An investor who got burned in a ponzi scheme hopes the distribution of assets is fair to those affected.
Ross Asset Management went into liquidation in 2012, and the High Court is working out if investors who withdrew before the collapse should get more or less money.
Barry Prince wants those who withdrew early to get less money because they had a financial advantage - but says the decision will depend on which laws the judge uses.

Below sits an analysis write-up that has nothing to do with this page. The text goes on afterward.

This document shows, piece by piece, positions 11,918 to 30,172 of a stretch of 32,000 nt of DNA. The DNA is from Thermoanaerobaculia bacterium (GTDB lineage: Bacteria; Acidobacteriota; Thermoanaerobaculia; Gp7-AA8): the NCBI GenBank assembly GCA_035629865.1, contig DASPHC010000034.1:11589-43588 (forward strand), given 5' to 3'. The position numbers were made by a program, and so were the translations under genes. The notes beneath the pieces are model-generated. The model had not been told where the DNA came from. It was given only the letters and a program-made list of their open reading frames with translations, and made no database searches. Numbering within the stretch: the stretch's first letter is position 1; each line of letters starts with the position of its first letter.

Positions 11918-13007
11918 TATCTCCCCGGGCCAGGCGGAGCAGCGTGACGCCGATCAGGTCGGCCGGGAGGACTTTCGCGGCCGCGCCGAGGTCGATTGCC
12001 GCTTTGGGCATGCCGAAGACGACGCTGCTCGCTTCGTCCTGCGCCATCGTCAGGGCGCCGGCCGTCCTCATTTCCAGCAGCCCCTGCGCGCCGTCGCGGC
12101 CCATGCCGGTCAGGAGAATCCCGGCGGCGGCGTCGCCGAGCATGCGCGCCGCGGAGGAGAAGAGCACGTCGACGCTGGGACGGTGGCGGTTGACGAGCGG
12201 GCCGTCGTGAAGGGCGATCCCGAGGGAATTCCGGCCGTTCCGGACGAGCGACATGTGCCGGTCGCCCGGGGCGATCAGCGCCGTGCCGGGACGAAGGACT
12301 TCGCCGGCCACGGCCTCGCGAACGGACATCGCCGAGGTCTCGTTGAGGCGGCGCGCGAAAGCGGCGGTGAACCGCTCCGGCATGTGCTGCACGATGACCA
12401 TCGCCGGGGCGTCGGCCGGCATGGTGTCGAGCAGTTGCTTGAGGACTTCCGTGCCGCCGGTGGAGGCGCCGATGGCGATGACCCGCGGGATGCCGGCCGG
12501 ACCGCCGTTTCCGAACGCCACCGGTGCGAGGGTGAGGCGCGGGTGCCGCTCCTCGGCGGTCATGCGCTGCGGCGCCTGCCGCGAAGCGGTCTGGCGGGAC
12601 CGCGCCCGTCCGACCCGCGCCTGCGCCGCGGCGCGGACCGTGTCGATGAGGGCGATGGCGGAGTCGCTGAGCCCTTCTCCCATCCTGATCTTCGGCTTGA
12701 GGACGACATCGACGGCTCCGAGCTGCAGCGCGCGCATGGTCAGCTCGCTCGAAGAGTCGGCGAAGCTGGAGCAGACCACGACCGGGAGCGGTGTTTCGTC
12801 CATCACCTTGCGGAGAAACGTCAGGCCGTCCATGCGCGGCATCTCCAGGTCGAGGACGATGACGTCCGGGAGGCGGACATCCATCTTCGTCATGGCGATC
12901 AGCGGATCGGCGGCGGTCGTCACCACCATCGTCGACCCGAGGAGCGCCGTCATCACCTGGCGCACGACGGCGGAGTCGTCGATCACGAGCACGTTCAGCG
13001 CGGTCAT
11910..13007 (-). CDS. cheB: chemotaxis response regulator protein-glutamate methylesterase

"Hopefully the judge will apply laws associated with equity when he makes his decision. But he might well just stick with the Companies Act and the Property Law Act, which means we will lose."
Another investor is arguing people who bailed out of the scam should get more of their money back.
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More than 700 clients lost around $115 million in the decade-long grift. The liquidation process began in 2012 and has affected clients here and overseas.
Asset manager David Ross was sentenced in 2013 to 10 years and 10 months in prison.
"I'd be sitting down with my fingers crossed," says Mr Prince. "That's all I can do - I've done as much as I can."